If you’re looking to train with a fixed weight vest, then you can’t go past a good carrier. And, the 5.11 TacTec is arguably the best plate carrier you can get.
- Robust yet light vest made to last
- Features plenty of padding in all the right places
- Comes with MIL-SPEC MOLLE webbing
- Takes medium and large ballistic plates
- Comes in 7 color options
- Just like most 5.11 gear, it’s not cheap
2. Condor Sentry Plate Carrier
Its minimalist layout is meant to offer the bare minimum of acceptable comfort and functionality at a price that makes it an absolute steal. With that said, Rogue has also added regular MOLLE webbing to this build. The carrier comes with lightly padded shoulder straps and standard side straps that use regular buckles.
The rig also comes complete with hook and loop panels for all your morale patches. Additionally, there are also loops built into shoulder straps that are designed to hold your camel back’s tube. The vest works perfectly with Rogue’s USA Cast Weight Vest Training Plates.
- One of the most inexpensive plate carriers on the market
- Minimalist design that is light and durable
- Will accept medium to large ESAPI plates
- Comes with an emergency drag handle
- Standard MOLLE on front and back of the carrier
- The minimalist design means a compromise in terms of comfort
- Unlike most Rogue gear, this vest isn’t made in the USA
3. Aduro Sport Weighted Vest
Designed to give you additional resistance in the most comfortable way possible, this type of weighted vest uses built-in pockets of tiny iron pellets that are sewn into the straps themselves. Aduro offers these in several versions ranging from 4lbs to 25lbs. With two chest straps, this vest snaps into place and stays there no matter what kind of exercise you’re performing.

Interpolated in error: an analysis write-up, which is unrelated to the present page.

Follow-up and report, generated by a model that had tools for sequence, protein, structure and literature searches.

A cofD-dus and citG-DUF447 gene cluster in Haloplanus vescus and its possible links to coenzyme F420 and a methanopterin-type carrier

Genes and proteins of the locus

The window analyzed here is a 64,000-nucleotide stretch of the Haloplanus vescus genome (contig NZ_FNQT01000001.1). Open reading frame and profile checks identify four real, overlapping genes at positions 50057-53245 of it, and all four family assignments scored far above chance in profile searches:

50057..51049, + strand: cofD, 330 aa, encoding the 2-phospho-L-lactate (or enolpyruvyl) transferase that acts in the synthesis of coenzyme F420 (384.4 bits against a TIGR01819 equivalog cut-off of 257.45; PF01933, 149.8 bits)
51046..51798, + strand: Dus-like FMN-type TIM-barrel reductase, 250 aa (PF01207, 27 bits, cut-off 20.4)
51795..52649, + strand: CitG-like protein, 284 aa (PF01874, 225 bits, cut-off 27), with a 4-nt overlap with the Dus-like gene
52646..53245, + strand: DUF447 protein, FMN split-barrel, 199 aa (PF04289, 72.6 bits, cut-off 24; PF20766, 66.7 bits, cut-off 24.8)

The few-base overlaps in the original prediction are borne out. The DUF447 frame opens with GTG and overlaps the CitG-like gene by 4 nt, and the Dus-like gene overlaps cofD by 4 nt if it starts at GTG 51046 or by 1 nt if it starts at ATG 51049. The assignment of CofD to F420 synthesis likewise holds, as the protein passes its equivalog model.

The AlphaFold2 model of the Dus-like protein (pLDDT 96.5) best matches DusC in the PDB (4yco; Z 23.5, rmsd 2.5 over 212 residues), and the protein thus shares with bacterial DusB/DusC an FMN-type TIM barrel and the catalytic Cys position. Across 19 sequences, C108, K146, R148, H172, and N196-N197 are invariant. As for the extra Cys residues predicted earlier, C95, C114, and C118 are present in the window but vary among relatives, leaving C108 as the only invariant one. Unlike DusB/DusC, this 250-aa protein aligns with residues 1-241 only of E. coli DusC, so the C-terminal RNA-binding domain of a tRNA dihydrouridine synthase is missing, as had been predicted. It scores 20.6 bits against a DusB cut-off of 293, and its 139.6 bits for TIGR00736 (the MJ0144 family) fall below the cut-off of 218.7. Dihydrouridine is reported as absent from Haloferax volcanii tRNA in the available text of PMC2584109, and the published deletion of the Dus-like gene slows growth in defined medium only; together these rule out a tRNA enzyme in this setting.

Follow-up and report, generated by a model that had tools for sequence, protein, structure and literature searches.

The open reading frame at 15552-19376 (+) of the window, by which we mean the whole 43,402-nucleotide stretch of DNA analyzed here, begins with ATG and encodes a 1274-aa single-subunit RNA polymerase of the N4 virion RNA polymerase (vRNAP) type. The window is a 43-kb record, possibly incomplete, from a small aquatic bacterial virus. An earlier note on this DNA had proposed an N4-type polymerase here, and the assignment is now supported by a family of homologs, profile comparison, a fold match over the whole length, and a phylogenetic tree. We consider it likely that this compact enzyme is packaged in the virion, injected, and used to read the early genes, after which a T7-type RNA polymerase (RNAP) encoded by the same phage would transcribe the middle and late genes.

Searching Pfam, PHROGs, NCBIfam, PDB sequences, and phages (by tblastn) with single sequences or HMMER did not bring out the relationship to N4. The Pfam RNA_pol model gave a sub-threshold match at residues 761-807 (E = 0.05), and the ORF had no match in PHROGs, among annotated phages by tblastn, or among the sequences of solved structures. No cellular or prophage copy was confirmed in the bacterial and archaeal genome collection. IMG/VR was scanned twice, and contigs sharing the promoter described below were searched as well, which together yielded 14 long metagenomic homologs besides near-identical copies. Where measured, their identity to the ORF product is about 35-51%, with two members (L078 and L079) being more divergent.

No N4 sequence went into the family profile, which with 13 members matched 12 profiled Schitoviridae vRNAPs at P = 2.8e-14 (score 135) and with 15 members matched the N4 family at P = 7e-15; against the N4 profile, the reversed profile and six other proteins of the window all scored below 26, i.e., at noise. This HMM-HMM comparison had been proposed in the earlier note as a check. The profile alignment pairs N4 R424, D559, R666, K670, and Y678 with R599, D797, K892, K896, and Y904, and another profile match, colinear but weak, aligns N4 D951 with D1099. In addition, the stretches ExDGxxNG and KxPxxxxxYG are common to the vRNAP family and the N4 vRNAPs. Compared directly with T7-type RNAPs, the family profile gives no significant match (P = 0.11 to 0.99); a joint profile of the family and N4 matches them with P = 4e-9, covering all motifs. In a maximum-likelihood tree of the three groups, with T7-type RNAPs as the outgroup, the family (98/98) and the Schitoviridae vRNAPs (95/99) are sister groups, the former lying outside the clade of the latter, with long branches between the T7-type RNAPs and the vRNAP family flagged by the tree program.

The vest is made of fairly durable neoprene that won’t fall apart on you even if you push it hard. The only thing to look out for is the stitching that could have been better. However, it’ll work well enough if you treat it with respect.
Finally, the vest comes with a mesh pocket built into the back panel where you can store your phone or other accessories.
- An extremely stealthy vest that is light and comfortable
- Made of durable neoprene materials
- Filled with iron pellets instead of sand, meaning no odor issues
- All vests that don’t use solid weights suffer from the content starting to leak out in different places. This vest is no different.
4. Northgym Weighted Vest
With that said, North Gym has used 600D Oxford nylon, which is quite durable. Plus, they’ve added the MOLLE webbing to front, back and sides. The vest comes with two plates that total anywhere from 14 lbs. to 20 lbs. depending on which model you go for.
As far as comfort is concerned, North Gym has done a decent job with padding on the inside of the vest as well as on the shoulder straps. If you’re looking for a basic plate carrier that’s all about utility and which comes complete with weighted plates, this is the model for you.
- The simple design meant to mimic combat plate carriers
- Built from durable materials that will last
- Comes complete with weighted plates
- Comfortable fit that is easily adjusted for various body types
- Slightly expensive, although it does included plates
Should You Get a Weighted Vest?